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Fried rice in Ao Nang
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Banana Split, not as good as the banana split in Bali
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Again, fried rice

I’m getting hungry writing this, asian food is so amazing!
Have a great week!

xx, Sophie

 

 

 

Bangkok, Thailand – experiencing a contrast

Bangkok, the capital of beautiful Thailand in the northern part of the country with 8.281 million residents (wikipedia). But can you imagine this city to be an empty, silent ghost town? I couldn’t, but I’ve experienced it.

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We left Bali on Wednesday the 25th of October 2017 and took a plane to Bangkok. At the airport in Denpasar I had my first Mac’n’Cheese and it was delicious, even though the idea of cooking pasta in milk and cheese does not flatter me.
After having arrived quite late in Thailand, we took a taxi to our hostel for 450 Bath.
The hostel was quite nice but the air in the dorms was not fresh at all but we didn’t care – it’s only a hostel and we were so excited to be in Bangkok!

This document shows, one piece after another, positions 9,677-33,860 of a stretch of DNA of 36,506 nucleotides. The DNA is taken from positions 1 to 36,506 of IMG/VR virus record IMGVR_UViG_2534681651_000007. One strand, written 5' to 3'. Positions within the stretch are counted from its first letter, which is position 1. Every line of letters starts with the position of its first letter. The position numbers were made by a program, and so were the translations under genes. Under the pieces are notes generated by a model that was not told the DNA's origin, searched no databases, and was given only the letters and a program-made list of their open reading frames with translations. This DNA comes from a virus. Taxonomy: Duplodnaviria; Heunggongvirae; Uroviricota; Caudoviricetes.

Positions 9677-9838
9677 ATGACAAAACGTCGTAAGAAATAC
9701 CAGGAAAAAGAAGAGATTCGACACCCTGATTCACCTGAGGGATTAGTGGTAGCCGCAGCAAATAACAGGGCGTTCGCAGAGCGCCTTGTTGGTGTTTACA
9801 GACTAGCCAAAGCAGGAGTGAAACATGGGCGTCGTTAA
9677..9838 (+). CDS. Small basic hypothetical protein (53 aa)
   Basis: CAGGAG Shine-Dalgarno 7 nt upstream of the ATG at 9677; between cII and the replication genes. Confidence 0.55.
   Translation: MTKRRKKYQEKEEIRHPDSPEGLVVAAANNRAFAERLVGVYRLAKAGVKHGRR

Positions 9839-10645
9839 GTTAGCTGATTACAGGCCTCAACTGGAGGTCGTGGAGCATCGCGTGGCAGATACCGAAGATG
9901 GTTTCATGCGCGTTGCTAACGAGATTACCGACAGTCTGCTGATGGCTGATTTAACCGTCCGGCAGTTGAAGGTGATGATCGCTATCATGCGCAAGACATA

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The next morning we decided to walk around and get some water and were really confused since the streets reminded us of a ghost town. We always expected BKK to be a bubbly and active city with lots of traffic jams, millions of people running around and street food everywhere. It was the opposite: no people on the streets, no cars, all Thai people dressed in black.
We went back to the hostel and the scells fell from our eyes: it was the anniversary of the death of the beloved King Bhumibol and the day of his funeral.
Walking around, a police officer even yelled at me because I took pictures of the streets… well I get it, it was a bit rude…

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However, we talked to a travel office and booked some flights and a night train to Chiang Mai. The next day we were supposed to leave in the evening and spend the day in the mall. The Siam malls are a big mall complex with different buildings and stores, those malls are amazing! There are so many different shops and all kinds of food – we had lunch at a backery 😄
We later went to the Lumphini Park, a big park in the heart of BKK were many people do sports during the day. The park itself was really beautiful, but again, no people around. Only a turtle on the pedestrian walk and monitor lizards in the pond instead of ducks.
In the evening we were happy to be able to finally take the night train to Chiang Mai, it felt inappropriate to be in a city where everyone grieved for a good king.